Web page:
News Release 

Broken brain cells repaired in dementia mouse model

If translated to humans, results suggest new directions for combating cognitive decline in elderly

Society for Neuroscience

Dysfunctional neurons in the hippocampus of adult female mice modeling dementia can be repaired and reconnected to distant parts of the brain, reports a new study published in JNeurosci. The similarity between the mouse model and the human condition underscores the therapeutic potential of targeting these cells in dementia patients.

The hippocampus generates new brain cells throughout life and is implicated in neurodegenerative diseases. María Llorens-Martín and colleagues at the Centro de Biología Molecular "Severo Ochoa" (CBMSO, CSIC-UAM) used a mouse model of frontotemporal dementia to investigate the effects of the disease on dentate granule cells.

Compared to control subjects, the researchers observed strikingly similar alterations in newborn neurons from their mouse model and from human brain tissue of patients with frontotemporal dementia. In mice, chemically activating the cells and placing animals in a stimulating environment with running wheels and toys reversed the alterations and restore some of the connectivity disrupted by dementia. If translated to humans, these results suggest potential new directions for combating cognitive decline in the elderly.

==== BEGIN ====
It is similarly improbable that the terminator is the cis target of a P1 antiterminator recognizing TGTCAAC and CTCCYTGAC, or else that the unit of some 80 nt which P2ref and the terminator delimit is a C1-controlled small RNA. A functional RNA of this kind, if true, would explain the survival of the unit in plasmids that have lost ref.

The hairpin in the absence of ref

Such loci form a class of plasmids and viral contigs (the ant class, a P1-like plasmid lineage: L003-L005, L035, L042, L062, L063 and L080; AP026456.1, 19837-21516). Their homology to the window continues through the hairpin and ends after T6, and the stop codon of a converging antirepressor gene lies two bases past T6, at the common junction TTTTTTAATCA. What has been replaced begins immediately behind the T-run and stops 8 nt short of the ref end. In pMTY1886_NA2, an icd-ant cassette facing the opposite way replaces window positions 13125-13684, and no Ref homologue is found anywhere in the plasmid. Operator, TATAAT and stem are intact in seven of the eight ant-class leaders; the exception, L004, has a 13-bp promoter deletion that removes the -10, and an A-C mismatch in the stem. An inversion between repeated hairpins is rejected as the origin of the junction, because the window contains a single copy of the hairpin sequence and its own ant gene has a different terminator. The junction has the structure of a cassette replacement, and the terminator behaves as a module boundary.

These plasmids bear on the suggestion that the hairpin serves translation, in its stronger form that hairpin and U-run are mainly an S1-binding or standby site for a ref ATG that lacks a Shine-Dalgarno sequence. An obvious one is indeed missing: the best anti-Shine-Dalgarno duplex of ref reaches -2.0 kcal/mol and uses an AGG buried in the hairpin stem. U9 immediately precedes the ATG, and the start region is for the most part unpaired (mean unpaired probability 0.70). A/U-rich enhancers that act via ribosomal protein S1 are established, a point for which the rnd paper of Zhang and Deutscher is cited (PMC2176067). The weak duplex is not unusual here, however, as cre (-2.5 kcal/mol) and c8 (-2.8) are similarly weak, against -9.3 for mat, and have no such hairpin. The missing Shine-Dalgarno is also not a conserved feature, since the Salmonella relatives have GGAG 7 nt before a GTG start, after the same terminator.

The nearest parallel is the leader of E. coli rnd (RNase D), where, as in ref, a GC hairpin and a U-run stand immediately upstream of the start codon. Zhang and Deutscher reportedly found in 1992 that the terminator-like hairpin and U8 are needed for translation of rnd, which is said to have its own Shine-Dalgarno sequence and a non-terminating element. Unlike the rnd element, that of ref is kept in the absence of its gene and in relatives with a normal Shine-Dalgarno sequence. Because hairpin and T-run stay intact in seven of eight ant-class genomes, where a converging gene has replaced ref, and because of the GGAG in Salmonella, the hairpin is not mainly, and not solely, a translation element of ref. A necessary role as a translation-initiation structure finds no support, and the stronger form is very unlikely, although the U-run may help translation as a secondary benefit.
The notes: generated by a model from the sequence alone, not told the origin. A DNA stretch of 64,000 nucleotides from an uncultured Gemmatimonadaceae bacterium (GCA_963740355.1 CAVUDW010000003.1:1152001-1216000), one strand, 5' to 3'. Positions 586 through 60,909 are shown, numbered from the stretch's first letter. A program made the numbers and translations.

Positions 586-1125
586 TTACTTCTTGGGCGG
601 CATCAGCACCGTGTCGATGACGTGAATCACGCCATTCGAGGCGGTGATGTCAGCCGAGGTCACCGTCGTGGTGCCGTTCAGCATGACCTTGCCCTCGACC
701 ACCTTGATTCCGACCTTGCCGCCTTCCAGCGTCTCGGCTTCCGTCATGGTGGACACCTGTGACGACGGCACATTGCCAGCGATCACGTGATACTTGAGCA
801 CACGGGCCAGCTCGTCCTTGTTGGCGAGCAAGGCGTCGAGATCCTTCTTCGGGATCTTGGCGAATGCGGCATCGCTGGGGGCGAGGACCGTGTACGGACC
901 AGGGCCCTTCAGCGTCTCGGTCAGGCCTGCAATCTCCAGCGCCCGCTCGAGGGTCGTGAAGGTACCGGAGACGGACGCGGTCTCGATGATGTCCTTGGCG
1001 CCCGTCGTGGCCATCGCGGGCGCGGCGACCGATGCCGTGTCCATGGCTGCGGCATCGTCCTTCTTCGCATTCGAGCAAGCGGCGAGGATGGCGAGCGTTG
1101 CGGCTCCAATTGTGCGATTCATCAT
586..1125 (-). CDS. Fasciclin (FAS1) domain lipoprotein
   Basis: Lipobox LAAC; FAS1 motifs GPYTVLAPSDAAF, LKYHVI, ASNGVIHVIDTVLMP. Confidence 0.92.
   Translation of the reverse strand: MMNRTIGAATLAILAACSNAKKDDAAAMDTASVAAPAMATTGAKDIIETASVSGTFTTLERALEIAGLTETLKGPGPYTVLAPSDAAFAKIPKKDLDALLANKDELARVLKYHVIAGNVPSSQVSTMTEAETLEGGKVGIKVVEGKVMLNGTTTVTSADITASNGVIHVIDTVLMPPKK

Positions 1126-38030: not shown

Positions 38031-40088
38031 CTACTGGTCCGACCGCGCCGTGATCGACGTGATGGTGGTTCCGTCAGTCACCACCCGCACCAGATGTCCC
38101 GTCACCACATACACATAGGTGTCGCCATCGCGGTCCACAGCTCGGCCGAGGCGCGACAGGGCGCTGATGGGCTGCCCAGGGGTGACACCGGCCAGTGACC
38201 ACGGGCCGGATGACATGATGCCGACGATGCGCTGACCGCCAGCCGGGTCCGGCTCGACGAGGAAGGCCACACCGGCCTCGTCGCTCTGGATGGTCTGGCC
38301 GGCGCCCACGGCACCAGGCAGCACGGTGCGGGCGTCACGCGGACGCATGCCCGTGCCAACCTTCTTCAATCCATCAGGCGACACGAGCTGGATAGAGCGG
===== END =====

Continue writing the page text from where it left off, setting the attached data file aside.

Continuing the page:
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Manuscript title: Activity-Dependent Reconnection of Adult-Born Dentate Granule Cells in a Mouse Model of Frontotemporal Dementia

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About JNeurosci

JNeurosci, the Society for Neuroscience's first journal, was launched in 1981 as a means to communicate the findings of the highest quality neuroscience research to the growing field. Today, the journal remains committed to publishing cutting-edge neuroscience that will have an immediate and lasting scientific impact, while responding to authors' changing publishing needs, representing breadth of the field and diversity in authorship.

About The Society for Neuroscience

The Society for Neuroscience is the world's largest organization of scientists and physicians devoted to understanding the brain and nervous system. The nonprofit organization, founded in 1969, now has nearly 37,000 members in more than 90 countries and over 130 chapters worldwide.

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